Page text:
So much is wrong with this scenario. Customers are unintentionally being asked to purge at least 1/8 of their drink, giving them one extra task to do, knowing most of them are usually in a rush. The biggest ridiculousness is the mess that’s typically made by this action and the trash bags that become full of liquid, causing a greater mess for the cleaning staff, not to mention how it all spills onto New York City streets once that trash is taken out! And most importantly, when you add up how much coffee is being wasted, you’ll realize how much money Starbucks is losing!
Where’s the strategy in that?
The solution is very simple. All that baristas have to do is ask every customer whether they want room for milk or not. Or better yet, just leave room and assume that everyone likes milk or cream with their coffee. I’ve been asked before, but it’s a not a consistent experience.
If not, the image above could serve as a great idea. In 2009, Tony Adams presented this idea on "My Starbucks Idea". If you like it, vote for it here.
Starbucks is back on the right track, and as someone who believes in the brand, I’d like to see these little nuances addressed. I want one less annoyance in my morning routine :-)
Brands are powerful. That’s a given. But as a designer I believe they are most powerful when you can recognize them from miles away just by their visual language alone.
Some of the greatest brands of our time have become iconic simply by owning a visual identity. Granted, that’s not enough to make a brand iconic, but it sure helps boost that status. Tiffanys owns the turquoise box. Hermes owns orange. Chanel owns black and white. Virgin owns red…and sassiness. The list goes on…
Last week as I landed back in New York, I was looking out the window admiring the planes at JFK, as I usually do. And I suddenly spotted an American Airlines plane and I began thinking about the potential rebrand that the company is looking at. Now nothing has been confirmed in terms of what will actually happen within the next 5 years, but considering that the company recently purchased 460 new planes to replace their old fleet, and considering that they solisited agencies to pitch for “cabin interiors” earlier this year, I’m banking on REBRAND.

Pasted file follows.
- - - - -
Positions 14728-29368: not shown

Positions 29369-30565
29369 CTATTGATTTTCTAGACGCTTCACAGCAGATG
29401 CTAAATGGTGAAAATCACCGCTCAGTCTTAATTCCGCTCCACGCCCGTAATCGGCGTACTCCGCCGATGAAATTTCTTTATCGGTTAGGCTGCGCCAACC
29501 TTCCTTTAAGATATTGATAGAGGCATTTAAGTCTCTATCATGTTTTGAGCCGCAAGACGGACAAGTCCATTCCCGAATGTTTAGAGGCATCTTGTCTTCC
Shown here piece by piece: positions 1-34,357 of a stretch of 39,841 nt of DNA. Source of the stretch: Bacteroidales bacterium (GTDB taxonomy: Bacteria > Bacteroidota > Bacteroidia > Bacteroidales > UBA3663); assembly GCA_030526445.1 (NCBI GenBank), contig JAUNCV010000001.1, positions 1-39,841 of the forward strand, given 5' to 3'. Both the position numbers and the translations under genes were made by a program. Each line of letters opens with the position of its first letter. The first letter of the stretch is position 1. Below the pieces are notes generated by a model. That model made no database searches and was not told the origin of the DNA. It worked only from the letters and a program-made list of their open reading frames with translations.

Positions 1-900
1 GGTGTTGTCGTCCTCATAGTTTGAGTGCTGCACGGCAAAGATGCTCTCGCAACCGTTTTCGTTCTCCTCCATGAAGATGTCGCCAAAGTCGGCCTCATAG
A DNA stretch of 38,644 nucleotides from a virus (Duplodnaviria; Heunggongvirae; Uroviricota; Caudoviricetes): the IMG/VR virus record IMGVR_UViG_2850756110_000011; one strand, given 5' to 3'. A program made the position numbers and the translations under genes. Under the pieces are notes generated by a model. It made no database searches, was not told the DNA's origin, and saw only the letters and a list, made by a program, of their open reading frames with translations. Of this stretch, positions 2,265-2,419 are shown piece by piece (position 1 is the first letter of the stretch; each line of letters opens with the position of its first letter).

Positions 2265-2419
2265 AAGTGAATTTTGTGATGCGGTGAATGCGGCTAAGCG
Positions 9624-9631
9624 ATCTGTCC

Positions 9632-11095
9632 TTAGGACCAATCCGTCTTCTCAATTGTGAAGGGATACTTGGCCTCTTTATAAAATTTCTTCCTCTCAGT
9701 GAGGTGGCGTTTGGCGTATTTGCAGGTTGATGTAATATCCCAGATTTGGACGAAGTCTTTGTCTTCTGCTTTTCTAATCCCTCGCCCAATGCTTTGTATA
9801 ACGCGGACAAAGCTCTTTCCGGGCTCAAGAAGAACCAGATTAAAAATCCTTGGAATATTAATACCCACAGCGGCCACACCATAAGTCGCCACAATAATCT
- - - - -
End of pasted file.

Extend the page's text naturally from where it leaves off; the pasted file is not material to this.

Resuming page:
So what would a potential “visual” rebrand of the American fleet look like? It’s hard to say. As much distaste as I have for the customer service of the airline, I still believe that the logo and livery of this brand, designed by the legendary Massimo Vignelli, is probably the best and most recognized livery of all time.
American Airlines is a brand with a strong heritage. If there were an official national airlines for the United States, it would undoubtedly go to American Airlines. What more than a brand that carries the actual name? Red, White and Blue and an Eagle on top. Could it get more American?
But now consider this. Remove the “AA” logo off the tail. Remove the “American” from the body. You’re left with an iconic glistening silver body and red, white and blue stripes. Would that be heresy? Or would it be an unprecedented approach by a globally iconic airline to stand out from the crowd and claim its right to being “awesome”?
As outrageous as it may seem, many brands have been using this approach recently, and so far it’s been quite elegant and successful. The pioneer behind this was probably NIKE who first removed the word “NIKE” from their logo and stuck with the “swoosh” instead. MTV followed suit by removing the words “Music Television” from their brand. Most recently Levi’s and Starbucks have jumped on the band wagon leaving us with mere symbols of their respective brands.
It takes time for a brand to be able to do something as bold as removing its name off it’s visual identity. It takes years of building customer loyalty and recognition. The companies listed above have all proved to be essential (at least for some) in their daily lives and they’ve gained a global audience that most importantly “trusts” them to do the right thing.